Local Art History

February 5, 2012 § Leave a comment

100 Years of Art: Celebrating Columbus’ Legacy

Riffe Gallery

About the exhibition, Melissa Wolfe, Curator of American Art at the Columbus Museum of Art, and curator of the exhibition, writes:

“Columbus has a great legacy of art still visible to those who look for it, in nearly every corner of the city, left by past artists who engaged and responded to its often deceptively sedate Midwestern demeanor. It seems most appropriate, in this year of the city’s Bicentennial, to pause and give due celebration to the work of these artists. This exhibition covers more than 100 years of artistic endeavor, including a wide variety of media and artistic styles, in order to present a sense of the city’s art community as it looked, changing over the years in response to both local and national artistic developments. The works of many artists who found their starts in Columbus, such as Roy Lichtenstein and Stanley Twardowicz—who formed a friendship while both teaching at The Ohio State University—are represented in the styles they worked in in this city, rather than the Pop Art and Abstract Expressionist styles for which they later became known for this reason.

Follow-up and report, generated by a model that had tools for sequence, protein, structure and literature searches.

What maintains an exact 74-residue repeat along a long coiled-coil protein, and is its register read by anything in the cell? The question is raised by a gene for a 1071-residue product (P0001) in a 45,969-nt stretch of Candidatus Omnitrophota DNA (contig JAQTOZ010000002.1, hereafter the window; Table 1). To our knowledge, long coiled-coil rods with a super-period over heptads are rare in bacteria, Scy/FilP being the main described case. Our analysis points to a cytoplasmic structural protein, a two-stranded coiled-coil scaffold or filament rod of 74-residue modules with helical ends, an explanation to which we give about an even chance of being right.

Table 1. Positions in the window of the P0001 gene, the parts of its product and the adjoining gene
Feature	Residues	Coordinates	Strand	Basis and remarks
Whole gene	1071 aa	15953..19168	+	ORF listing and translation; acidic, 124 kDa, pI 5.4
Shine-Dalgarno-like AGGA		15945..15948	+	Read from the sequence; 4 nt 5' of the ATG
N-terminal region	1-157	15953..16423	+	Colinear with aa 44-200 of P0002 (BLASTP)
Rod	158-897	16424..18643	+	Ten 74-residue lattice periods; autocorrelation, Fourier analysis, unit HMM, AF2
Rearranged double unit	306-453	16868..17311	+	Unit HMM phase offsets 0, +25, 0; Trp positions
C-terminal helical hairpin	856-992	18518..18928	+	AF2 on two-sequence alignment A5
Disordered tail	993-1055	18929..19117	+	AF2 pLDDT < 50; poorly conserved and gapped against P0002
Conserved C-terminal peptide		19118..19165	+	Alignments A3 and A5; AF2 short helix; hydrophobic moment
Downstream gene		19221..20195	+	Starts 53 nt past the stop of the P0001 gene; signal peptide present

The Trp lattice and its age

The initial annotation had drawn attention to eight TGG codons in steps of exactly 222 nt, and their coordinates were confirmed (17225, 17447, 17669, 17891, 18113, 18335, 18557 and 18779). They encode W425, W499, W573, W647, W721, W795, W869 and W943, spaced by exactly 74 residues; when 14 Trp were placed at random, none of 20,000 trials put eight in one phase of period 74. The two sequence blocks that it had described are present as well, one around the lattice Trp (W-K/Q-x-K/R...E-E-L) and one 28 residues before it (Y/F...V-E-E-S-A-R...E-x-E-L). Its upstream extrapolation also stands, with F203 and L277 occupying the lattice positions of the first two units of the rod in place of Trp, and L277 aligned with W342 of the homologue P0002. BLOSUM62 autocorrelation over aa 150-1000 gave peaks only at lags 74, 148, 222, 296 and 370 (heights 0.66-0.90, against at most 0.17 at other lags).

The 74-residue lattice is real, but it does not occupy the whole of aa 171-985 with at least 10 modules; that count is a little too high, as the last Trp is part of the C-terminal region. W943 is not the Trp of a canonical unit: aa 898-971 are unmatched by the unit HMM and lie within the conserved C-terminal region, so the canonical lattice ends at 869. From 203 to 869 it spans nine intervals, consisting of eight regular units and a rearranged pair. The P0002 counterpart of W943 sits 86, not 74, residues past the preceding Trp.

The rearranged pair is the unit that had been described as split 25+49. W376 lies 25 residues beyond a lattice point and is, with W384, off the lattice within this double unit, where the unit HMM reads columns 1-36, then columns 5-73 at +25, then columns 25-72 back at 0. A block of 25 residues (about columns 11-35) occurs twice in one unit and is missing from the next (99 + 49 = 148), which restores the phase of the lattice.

Columbus jumped on the local art scene bandwagon with enthusiasm, matching the trend at the end of the 19th century among urban artists to form their own clubs that offered professional support—when that was at times lacking from the broader community—but that also provided an important social outlet for the members’ often rather marginalized creative (or “bohemian”) lifestyles. In 1897, Columbus artists formed a Pen and Pencil Club that had a studio for sketching and exhibitions as well as reception rooms for relaxing and throwing a party or two. Like Pen and Pencil Clubs in other cities, the one located downtown on High Street offered a place for artists working in commercial areas, such as illustrators and cartoonists for newspapers, photographers, and architects, and those working in more traditional fine art areas to exchange ideas and shared concerns. By the end of the 19th century, the city also had a Kit-Kat Club, which were often formed by portrait painters, and a Paint and Clay Club, reflecting the city’s location in the heart of pottery manufacturing as well as the recent formation of a ceramics engineering program at The Ohio State University.